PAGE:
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Dr. June Atkinson says she is distressed that the Wake County school board continues its move away from the system’s socioeconomic diversity policy.

North Carolina’s Superintendent of Public Instruction says it’s essential students experience diversity for themselves, rather than learning to base their opinions on what they see on television.

She also has reservations about moving to an assignment plan that would concentrated poverty in some schools, creating further hardship for certain students.

Atkinson discusses the controversy surrounding Wake County schools and the state’s new education budget this weekend on “News & Views.” For a preview of her interview with Chris Fitzsimon, please click below:

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Felipe Matos is among the top 20 community college students in America, but he’s ineligible for financial aid at the top universities that have accepted him. Gaby Pacheco has three education degrees and plans to use music therapy as a teaching tool for autistic children and adults. Brought to the United States at age 2, Carlos Roa wanted to join the military but could not because of his immigration status.

Three months ago, they embarked on Trail of Dreams, a 1,500 mile walk from Miami to Washington.  These students are facing much more than sore feet; several are undocumented, and they risk deportation and detention to share their stories and raise awareness about the need for just immigration reform.

These students exemplify why support is growing for the DREAM Act, federal legislation that would enable students brought to the U.S. at a young age to legally access higher education and financial aid. Every year, 65,000 students graduate U.S. high schools but are denied a college education because of our broken and unjust immigration system.  These students include valedictorians, class presidents and community leaders.  Yet they are refused the opportunity to further their education and give back to America — the country they see as their home.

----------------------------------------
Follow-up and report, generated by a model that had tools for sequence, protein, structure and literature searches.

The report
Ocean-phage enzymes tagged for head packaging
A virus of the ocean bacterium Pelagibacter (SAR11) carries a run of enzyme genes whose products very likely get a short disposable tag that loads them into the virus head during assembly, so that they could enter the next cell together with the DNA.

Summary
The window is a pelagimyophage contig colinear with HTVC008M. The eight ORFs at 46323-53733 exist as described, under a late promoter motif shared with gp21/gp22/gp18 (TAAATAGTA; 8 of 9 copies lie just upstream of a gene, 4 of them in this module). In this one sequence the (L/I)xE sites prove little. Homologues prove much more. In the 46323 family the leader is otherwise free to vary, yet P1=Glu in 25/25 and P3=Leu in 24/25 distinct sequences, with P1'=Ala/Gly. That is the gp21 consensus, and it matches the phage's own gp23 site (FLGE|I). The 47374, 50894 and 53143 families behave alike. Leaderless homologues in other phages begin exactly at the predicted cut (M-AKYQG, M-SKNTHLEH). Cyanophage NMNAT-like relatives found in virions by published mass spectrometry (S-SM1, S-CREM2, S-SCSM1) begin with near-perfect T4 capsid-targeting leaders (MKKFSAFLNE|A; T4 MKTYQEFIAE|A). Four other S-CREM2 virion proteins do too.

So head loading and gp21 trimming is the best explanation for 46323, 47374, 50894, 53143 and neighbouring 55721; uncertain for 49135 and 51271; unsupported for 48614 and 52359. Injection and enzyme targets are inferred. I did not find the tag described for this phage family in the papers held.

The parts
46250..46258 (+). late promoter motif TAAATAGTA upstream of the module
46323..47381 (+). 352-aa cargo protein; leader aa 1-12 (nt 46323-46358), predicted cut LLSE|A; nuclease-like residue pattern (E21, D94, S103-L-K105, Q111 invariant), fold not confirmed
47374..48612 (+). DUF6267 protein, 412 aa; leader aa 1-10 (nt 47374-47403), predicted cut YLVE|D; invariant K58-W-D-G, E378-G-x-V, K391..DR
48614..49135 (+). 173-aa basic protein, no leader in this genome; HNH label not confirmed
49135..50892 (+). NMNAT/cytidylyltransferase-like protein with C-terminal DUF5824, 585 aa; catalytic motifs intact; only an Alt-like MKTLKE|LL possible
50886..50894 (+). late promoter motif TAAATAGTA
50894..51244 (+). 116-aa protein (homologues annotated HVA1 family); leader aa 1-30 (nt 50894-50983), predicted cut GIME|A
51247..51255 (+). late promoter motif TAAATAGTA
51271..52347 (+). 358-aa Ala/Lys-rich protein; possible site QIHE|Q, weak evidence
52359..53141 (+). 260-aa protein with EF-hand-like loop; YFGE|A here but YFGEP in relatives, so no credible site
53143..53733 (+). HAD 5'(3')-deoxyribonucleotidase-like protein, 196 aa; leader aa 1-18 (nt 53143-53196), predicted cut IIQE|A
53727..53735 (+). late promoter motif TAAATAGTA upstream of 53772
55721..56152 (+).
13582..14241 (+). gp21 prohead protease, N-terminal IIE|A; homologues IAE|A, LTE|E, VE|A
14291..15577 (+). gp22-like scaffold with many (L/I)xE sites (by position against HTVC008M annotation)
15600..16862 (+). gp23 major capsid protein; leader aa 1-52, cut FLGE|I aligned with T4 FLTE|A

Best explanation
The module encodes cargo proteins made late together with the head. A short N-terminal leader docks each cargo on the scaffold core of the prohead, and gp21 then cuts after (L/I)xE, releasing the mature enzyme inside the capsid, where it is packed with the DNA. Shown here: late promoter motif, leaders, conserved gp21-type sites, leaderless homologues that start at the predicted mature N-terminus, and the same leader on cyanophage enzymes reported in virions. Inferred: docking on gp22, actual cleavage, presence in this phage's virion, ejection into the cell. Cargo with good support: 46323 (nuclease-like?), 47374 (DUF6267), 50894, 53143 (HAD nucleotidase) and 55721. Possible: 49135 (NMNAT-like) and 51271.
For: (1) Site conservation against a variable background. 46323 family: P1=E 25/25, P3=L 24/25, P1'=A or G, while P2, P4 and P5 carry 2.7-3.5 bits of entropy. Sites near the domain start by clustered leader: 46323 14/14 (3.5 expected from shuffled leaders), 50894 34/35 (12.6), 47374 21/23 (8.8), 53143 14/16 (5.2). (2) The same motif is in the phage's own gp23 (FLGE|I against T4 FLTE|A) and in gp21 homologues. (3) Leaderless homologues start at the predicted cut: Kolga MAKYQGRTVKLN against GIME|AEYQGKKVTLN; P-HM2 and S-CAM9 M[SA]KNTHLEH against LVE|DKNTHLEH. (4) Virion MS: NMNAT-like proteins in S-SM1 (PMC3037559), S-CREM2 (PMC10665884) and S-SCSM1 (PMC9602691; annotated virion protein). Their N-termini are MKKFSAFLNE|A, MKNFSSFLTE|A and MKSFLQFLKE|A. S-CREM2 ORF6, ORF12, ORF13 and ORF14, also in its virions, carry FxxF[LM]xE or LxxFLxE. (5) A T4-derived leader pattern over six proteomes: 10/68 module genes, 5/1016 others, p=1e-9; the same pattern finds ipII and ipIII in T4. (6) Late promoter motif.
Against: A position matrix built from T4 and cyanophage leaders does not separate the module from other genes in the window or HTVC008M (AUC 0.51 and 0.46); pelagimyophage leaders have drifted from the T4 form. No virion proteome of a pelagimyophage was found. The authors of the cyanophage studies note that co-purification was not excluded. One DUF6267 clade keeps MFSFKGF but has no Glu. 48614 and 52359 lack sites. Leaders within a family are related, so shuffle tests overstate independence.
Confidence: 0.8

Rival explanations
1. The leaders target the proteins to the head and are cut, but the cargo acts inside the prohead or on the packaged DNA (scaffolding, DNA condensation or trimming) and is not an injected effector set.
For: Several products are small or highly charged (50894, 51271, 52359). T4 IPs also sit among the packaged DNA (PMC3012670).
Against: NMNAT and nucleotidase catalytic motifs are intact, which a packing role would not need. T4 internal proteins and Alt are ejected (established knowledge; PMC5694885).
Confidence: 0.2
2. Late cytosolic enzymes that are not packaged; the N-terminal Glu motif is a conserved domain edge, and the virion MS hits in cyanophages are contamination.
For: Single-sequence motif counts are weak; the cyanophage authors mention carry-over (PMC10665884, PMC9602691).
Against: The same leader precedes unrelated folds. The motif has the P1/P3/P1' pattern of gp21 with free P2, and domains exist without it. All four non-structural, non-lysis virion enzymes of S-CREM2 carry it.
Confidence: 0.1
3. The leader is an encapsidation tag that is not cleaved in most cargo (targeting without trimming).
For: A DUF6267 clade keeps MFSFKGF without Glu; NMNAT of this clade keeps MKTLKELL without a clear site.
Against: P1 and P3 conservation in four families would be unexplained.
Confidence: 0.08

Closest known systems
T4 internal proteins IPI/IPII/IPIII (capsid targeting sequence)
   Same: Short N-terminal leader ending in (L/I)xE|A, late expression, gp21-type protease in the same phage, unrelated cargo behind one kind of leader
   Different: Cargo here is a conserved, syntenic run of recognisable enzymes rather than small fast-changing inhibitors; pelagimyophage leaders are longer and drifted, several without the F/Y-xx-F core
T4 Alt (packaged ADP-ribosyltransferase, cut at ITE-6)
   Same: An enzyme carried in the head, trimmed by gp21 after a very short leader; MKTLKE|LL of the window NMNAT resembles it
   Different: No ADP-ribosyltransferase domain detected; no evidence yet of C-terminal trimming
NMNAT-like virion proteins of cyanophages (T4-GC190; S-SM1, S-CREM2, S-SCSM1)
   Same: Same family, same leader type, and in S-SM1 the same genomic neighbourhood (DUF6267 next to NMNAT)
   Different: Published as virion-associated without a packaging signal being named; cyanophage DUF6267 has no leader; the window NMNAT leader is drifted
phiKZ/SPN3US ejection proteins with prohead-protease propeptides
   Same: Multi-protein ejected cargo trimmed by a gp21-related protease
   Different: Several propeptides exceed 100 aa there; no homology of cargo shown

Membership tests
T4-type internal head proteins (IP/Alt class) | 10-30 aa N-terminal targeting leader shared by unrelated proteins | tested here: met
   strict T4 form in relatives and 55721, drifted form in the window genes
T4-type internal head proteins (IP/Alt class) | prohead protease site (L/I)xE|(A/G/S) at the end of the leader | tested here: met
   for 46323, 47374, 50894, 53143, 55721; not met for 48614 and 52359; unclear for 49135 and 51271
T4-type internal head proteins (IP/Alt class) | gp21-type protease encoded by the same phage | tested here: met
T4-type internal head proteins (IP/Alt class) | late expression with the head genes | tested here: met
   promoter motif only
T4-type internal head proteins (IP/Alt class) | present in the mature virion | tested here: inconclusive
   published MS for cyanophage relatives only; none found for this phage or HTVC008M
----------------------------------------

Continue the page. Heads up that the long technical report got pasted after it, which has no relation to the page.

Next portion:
Just graduating high school can be more challenging for undocumented students than for their peers; they often must learn English as a second language, take care of family responsibilities that their parents cannot manage without understanding English, overcome low socio-economic status and all that that entails, and cope with the psychological trauma of living in fear of deportation.

Trail of Dreams, which made its way through the Triangle last week, is a journey of hope for these students and the 12 million undocumented migrants in the United States.

For more information, check out the Southern Coalition for Social Justice’s Statement of Support.

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For Edwin Aly Ramirez of Greensboro, his first thought after being arrested on immigration charges was that he would never see his wife and three children again.  Mr. Ramirez was asked about his status and arrested after he had gone to court to help translate for a friend.  “I thought I would never get to meet my newborn,” he said.

That is the fear — and the daily reality — of 12 million people living in this country.  They work in your office, clean your house, go to your school, and tomorrow, they might be gone.

Undocumented immigrants do not have the same right to due process and a fair trial afforded U.S. citizens.  If immigrants cannot post bond immediately after entering Immigration and Customs Enforcement custody, it can dramatically affect their case.  Detainees are often accelerated into deportation proceedings, which are difficult to contest because they  do not have the right to an attorney if they cannot afford one, face language barriers, and lack access to the documents they need to build their case while in custody.